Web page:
Alternative, some of you might be looking to actively acquire collections in your area. If your scene doesn't have someone who's willing to buy painted cardboard en masse, that's a very niche and fun role to fill while being a valuable asset to the community. One of the ways I started out was to keep hitting the F5 button on various Craigslist searches. While results may vary drastically based on your area (those of you who would be competing with a larger store or company could have less success), some of my best collection finds and most interesting stories have come from those I've purchased off Craigslist. If you're into reading Twitter threads of heartwarming Craigslist experiences, look no further than my most recent experience.
Most collections you'll find on Craigslist won't be all-stars. Some will be overpriced, and some won't even be worth asking about. "Or Best Offer" can only go so far when a person wants $300 for a few thousand cards from Theros block, so I want to reinforce the idea that reselling websites like these aren't going to be full of gems like they were in the old days. Regardless, it's still a good idea to keep checking to see if any new ads were posted every couple of days. Here are a few of the search terms I use when looking to buy, to make sure I'm covering all of the bases.
- "Magic the gathering cards"
- "MTG cards"
- "Magic cards"
Here's an example of a listing that isn't really worth sending an offer about. The person is valuing their cards at higher than retail already, and they're only offering a "deal" of about 15% of what they think the value is. Definitely not worth my time or investment, and this is assuming all of the cards in the collection will be near mint.
One of the greatest investments I've made throughout the past several years have been business cards. Even before I had an LLC or did this as my full-time job, I paid a friend to do some graphic design work, and got an official looking logo to put on the back that had my TCGplayer store name, while my name and contact info on the other side. Once I got into the habit of handing these out at every collection buy/sell/trade that I did outside of the local game store, I started getting collections from those people's friends, relatives, and coworkers because they had passed along the business card. I want to reiterate that you shouldn't be passing these out in your LGS, but they're so helpful for the aforementioned situations where you can spread the word of "I'm here if you ever want to sell your cards."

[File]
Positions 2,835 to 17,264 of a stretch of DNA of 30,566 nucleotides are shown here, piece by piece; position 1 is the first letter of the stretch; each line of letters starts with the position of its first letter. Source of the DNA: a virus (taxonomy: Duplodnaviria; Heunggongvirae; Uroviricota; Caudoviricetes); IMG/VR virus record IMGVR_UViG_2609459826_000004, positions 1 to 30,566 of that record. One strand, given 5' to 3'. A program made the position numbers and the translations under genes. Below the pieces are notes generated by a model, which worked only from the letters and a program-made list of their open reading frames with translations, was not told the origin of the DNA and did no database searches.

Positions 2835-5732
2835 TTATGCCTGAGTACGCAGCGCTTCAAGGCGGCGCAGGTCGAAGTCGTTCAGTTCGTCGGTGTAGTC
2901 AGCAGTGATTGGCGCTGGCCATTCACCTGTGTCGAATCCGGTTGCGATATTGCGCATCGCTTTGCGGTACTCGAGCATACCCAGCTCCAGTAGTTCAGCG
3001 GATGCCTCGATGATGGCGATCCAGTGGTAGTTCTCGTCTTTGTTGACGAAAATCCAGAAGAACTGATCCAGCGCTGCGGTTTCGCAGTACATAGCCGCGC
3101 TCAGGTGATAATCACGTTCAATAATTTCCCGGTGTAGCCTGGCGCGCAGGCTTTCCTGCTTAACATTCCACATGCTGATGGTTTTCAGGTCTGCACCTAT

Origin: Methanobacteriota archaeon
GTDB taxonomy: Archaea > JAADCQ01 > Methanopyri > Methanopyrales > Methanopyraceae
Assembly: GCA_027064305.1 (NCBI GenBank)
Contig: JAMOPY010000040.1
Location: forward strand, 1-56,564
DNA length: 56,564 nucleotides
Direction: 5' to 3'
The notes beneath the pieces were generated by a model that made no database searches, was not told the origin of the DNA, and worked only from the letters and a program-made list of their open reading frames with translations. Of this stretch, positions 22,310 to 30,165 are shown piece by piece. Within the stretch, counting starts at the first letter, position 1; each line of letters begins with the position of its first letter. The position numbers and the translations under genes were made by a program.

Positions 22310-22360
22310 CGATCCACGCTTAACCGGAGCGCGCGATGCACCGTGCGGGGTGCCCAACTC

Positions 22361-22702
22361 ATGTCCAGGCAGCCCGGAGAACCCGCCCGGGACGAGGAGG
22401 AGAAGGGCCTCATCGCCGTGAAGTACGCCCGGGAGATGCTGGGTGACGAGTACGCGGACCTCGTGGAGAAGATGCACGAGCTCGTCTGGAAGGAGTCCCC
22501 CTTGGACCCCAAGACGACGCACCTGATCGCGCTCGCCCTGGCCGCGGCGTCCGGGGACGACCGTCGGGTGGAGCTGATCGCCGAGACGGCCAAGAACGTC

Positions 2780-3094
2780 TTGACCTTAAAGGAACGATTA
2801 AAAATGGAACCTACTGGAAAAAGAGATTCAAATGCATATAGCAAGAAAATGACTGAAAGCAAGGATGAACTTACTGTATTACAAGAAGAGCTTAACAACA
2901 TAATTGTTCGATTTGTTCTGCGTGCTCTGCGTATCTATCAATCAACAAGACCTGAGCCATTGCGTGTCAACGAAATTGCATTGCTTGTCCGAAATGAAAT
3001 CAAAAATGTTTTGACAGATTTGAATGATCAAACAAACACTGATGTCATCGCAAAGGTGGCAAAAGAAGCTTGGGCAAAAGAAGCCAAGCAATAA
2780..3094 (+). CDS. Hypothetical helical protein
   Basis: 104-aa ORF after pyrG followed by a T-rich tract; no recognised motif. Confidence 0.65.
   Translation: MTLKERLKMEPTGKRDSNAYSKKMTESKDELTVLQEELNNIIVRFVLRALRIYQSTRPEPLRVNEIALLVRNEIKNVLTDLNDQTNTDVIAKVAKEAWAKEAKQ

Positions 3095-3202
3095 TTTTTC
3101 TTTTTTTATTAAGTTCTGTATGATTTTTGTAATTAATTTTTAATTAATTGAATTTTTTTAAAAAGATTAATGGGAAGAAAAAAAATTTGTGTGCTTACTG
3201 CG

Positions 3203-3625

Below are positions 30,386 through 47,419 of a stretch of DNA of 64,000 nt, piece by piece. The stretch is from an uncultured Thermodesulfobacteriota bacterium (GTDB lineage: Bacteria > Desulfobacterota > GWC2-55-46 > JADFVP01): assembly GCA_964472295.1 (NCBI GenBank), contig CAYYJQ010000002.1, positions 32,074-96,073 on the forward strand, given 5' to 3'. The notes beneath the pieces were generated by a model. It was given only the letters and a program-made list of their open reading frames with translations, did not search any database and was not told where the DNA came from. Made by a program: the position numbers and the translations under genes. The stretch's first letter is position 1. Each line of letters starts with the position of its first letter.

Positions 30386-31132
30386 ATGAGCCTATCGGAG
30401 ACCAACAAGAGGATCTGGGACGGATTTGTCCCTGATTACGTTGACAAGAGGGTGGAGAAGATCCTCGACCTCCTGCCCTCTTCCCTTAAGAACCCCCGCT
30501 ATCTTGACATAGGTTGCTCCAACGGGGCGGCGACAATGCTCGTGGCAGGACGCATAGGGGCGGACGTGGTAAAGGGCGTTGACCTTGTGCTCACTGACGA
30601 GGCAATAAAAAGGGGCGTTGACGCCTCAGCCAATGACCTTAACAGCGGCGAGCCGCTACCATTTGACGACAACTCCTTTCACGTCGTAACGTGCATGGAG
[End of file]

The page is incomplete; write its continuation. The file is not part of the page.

That's a pretty good question. Phase one is finding someone who's looking to sell their collection for a sweet deal, but pricing stuff can be difficult when you're not just trading cards straight across based on their Market Price. I mentioned earlier that you'll want to pay a number that both gives them fair value for their cards, while also not putting your own time, effort and knowledge at zero dollars.
A general good rule of thumb of where to start is checking the buylist prices of the more expensive cards in the collection. By seeing the price that stores are immediately willing to pay for the cards in the collection (assuming that the cards are NM), you can provide transparency to the seller, and determine what the minimal amount you can cash out the collection for if you absolutely have to. For example, let's say for example that the collection is as follows;
- 5,000 commons and uncommons
- Two Commander decks
- A binder full of Standard staples